Arthritis describes a group of conditions that result in joint inflammation, usually causing pain and stiffness and arthritic pain can affect nearly every joint in the body and different parts of the joint, while rheumatism refers to any pain in your bones, muscles and joints.
Common arthritis symptoms include swelling, pain, stiffness and decreased range of motion. Symptoms may come and go. They can be mild, and may stay at the same severity for years.
Arthritis is a very common, non-contagious condition that specifically affects joints where two or more bones meet. It can cause damage to joint cartilage – the connective tissue in joints that absorbs the pressure created by activity and enables smooth movement – causing bones to move against each other and surrounding structures. Symptoms may include warmth and redness of the skin over the affected joint. Areas that are most often affected are the knees, hips, hands, knuckles, ankles, shoulder, back and neck. Arthritis can result in joint weakness and instability.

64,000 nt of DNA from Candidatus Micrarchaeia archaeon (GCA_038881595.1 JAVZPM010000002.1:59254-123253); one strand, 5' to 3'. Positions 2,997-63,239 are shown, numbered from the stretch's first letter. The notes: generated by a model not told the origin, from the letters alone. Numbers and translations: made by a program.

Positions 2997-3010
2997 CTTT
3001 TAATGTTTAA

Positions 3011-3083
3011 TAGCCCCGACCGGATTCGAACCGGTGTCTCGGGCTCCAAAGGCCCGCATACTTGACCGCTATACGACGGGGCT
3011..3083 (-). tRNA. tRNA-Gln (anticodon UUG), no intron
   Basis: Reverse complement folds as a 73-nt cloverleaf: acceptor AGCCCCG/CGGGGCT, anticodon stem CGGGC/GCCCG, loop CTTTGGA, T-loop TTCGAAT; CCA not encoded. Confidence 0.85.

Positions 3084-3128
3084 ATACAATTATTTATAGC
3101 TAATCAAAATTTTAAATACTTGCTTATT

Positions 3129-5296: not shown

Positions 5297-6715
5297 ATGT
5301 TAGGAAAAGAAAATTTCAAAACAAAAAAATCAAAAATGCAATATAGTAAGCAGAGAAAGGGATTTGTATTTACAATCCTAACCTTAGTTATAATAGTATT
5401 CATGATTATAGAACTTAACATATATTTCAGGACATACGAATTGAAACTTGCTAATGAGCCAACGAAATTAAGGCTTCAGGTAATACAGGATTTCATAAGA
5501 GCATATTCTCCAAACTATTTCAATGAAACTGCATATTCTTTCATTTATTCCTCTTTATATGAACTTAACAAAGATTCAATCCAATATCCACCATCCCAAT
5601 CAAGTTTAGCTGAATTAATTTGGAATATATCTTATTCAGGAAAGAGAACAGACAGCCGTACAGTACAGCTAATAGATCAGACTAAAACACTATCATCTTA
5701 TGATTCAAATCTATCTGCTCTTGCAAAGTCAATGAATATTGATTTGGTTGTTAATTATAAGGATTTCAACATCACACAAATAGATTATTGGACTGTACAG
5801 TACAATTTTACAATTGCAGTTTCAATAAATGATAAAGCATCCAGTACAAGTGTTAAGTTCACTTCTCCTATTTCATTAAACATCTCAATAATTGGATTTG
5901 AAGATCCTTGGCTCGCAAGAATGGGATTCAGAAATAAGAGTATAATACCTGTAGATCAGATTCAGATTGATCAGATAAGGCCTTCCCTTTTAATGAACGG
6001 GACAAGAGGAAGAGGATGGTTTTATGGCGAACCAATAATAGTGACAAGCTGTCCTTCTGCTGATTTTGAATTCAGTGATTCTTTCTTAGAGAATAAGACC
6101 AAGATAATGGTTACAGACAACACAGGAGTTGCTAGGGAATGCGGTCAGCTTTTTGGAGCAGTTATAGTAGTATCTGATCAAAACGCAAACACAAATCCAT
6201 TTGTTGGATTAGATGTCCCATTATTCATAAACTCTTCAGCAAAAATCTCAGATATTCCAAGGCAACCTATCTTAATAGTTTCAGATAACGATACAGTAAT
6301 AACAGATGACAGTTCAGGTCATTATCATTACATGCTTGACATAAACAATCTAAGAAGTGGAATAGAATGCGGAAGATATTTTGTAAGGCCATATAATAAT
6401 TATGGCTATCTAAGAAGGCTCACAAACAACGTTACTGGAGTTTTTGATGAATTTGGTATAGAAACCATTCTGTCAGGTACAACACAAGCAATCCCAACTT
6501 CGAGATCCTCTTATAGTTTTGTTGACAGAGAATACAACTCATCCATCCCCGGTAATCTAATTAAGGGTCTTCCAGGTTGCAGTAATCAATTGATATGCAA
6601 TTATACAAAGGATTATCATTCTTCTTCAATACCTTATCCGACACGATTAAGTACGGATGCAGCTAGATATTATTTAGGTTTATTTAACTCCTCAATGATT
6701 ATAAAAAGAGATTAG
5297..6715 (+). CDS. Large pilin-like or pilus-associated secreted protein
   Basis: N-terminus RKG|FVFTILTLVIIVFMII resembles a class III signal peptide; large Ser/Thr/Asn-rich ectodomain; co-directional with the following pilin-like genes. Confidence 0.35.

Arthritis can affect people from all backgrounds, ages and lifestyles, including children and young people. It occurs more frequently as people get older, but is not a consequence of age as many people believe. Two out of every three people with arthritis are between 15 and 60 years of age. It occurs more often among women than men.
Most types of arthritis are caused by a combination of many factors working together, although some arthritic conditions have no obvious cause. Some people may be more susceptible to certain arthritic conditions due to their genetic makeup. Other factors including previous injury, infection, smoking, abnormal metabolism, obesity, immune system dysfunction and physically demanding occupations can contribute to further increase the risk of arthritis.